Distinguishing between occipital neuralgia and migraines?

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    I am trying to distinguish between occipital neuralgia and migraines. I have been diagnosed by a neurologist with the former, but not found any medication very reliable to help with the headaches. I recently went through a 6-week bout with vertigo. The headaches, which had been absent several weeks, returned with the vertigo, recurring intermittently during that 6-week period, often very intense. The vertigo has finally stopped, but the headaches are more persistent. Both an ENT and a PT were not able to elicit nystagmus for testing of BPPV, (nor did Epley maneuvers help), and I had an MRI, which was negative. So I am suspecting the vertigo was migraine induced. However, I have taken 40 mg. Relpax once, which made the headache worse, and 20 mg. a different time, and it didn't help. Am going to try Imitrex, but if that doesn't work, then I will have to conclude that these aren't migraines. I do have a history of ocular migraines, however, which present much differently, a 20 minute event, occurring once every 1-3 months. Have not had any of these since the onset of the vertigo or since.

     

    Options which I am planning on pursuing at this point are PT and acupuncture for the headaches. Am wondering about asking the neurologist for an occipital nerve block. Besides helping the pain, it is supposed to be a way to truly diagnose occipital neuralgia. Also am considering seeing a headache/migraine specialty center, but the only one in my state is 2 1/2 hours away. Jane.

     

    Full Answer:

    Dear June;

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    Lots of topics woven into you question. We'll do our best to answer them. Occipital neuralgia and migraine should be reasonably easy to distinguish. Occipital neuralgia is an irritation of the greater occipital nerve, which provides sensation to the back of the head and up to the top of the head. The greater occipital nerves cover most of the back of the head and the lesser occipital nerves cover more forward, just behind and above the ears. Neuralgia pain can be sharp, burning, or electrical, but can also be less clearly defined, and these is often tenderness along the nerve when you press on it.

     

    Migraine often involves moderate to severe pain, usually on one side of the head, with a throbbing quality. Migraines can be worsened by routine physical activity, and often cause nausea, vomiting, sensitivity to light and sound, and other symptoms. There's a good overview of the potential symptoms of migraine in Anatomy of a Migraine.

     

    Vertigo can be a symptom of migraine and can occur either with the headache phase of a migraine or can occur independently of pain. It is important to have other causes of vertigo ruled out before you accept it as part of the migraine syndrome. Since you were evaluated by an ENT and had an MRI, it is certainly possible that your vertigo is migraine related. There are several forms of migraine. Vertigo can occur with vestibular migraine. You can find more about that form in Vestibular Migraine - The Basics.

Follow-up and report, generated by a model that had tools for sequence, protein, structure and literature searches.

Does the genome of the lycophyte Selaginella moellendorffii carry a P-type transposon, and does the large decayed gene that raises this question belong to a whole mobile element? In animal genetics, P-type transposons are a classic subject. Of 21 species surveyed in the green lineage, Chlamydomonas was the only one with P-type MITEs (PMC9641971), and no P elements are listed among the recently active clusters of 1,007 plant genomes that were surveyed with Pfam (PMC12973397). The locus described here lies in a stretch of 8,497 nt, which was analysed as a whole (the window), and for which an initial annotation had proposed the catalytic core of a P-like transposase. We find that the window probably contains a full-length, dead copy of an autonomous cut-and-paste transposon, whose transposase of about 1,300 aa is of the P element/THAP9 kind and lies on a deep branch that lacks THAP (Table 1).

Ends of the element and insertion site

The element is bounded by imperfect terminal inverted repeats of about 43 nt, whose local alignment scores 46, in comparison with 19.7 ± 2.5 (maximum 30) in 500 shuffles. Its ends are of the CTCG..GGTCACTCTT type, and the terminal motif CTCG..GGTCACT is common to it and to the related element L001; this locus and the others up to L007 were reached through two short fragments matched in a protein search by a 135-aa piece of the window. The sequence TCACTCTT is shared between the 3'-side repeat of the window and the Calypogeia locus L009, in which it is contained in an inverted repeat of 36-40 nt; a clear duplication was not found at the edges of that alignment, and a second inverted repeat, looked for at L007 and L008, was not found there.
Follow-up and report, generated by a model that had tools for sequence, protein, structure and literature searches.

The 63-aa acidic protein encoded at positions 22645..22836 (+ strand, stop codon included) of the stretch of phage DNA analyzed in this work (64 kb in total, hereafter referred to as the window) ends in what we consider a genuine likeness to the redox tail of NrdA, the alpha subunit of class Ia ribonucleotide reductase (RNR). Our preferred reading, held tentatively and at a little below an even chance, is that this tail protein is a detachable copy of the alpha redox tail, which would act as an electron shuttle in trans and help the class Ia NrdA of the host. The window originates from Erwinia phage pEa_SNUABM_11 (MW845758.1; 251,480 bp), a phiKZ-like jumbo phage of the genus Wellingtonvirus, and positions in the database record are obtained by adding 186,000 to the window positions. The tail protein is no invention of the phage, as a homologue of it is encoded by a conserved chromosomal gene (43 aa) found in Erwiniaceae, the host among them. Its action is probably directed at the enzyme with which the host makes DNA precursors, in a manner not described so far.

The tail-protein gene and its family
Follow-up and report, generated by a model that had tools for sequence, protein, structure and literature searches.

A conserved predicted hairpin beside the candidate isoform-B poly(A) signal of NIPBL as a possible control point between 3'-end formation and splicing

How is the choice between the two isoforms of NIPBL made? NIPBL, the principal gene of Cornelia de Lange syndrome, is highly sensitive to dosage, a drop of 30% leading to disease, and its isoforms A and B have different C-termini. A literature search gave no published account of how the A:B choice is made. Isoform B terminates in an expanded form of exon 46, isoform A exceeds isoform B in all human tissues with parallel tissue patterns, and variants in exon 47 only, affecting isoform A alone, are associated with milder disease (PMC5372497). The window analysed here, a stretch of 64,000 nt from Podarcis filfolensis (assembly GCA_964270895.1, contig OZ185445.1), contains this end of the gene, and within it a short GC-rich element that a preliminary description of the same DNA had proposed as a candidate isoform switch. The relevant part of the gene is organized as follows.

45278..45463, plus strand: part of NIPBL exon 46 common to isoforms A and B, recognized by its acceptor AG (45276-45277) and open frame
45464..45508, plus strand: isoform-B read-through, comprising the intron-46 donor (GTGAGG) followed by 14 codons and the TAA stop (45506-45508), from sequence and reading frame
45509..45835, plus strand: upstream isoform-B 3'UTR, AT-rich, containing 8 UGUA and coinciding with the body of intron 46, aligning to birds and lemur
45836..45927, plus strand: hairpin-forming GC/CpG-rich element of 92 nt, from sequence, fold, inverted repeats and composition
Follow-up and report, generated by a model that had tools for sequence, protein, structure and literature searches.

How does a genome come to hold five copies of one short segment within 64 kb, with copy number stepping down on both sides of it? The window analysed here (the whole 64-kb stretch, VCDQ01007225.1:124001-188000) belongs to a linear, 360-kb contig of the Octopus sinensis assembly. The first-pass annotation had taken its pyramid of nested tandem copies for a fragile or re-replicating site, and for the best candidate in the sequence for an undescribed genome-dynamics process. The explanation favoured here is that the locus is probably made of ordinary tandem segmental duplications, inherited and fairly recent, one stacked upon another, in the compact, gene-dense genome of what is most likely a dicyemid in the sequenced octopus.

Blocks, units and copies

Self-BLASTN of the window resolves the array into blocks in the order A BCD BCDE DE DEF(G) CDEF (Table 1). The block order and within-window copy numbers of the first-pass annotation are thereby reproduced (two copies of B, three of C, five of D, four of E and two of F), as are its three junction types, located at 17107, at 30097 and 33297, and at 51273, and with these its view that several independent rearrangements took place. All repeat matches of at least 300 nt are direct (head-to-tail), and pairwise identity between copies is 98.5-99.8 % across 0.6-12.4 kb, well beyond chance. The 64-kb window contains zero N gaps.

• I am always cautious about using treatments as diagnostic tools. This includes using a lack of response to "triptans" like Relpax as an exclusion of migraine, and occipital nerve blocks to diagnose occipital neuralgia. There are a lot of reasons why treatments fail, and only one of them is incorrect diagnosis. For example, many people will see limited benefit from triptans if they aren't used early in the migraine when the pain is still mild. The best data available for triptans suggests that even when taken at the correct time they are effective in only about 2/3 - 3/4 of the people who use them. Continue to try different triptans, like the sumatriptan you mentioned, and be certain to catch your migraines as early as possible.

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    It the closest headache and migraine specialist is that far away, they may not be the best solution for the chronic management of your headaches, but it could be very useful to get a firm diagnosis and treatment recommendations that your local neurologist or primary care doctor could use. On the other hand, with a shortage of qualified migraine and headache specialists, many patients travel long distance for the benefits of being treated by a specialist, and travel to their specialists about every three months. Since the big difference is the knowledge and experience of the specialist, we recommend that you choose a specific doctor rather than choosing a clinic or center.
     

    Good luck,
    David Watson, MD, and Teri Robert

     

    About Ask the Clinician:

    Dr. David Watson is a UCNS certified migraine and headache specialists and director of the Headache Center at West Virginia University. He and Lead Health Guide Teri Robert, team up to answer your questions about headaches and Migraines. You can read more about Dr. Watson or more about Teri Robert.

     

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    Please note: We cannot diagnose, suggest specific treatment, or handle emergencies via the Internet. Please do not ask us to diagnose; see your physician for diagnosis. For an overview of how we can help and questions we can and can't answer, please see Seeking Migraine and Headache Diagnoses and Medical Advice.

     

    We hope you find this general medical and health information useful, but this Q & A is meant to support not replace the professional medical advice you receive from your doctor. For all personal medical and health matters, including decisions about diagnoses, medications and other treatment options, you should always consult your doctor. See full Disclaimer.

     

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    Last updated December 1, 2014.

     

Published On: December 01, 2014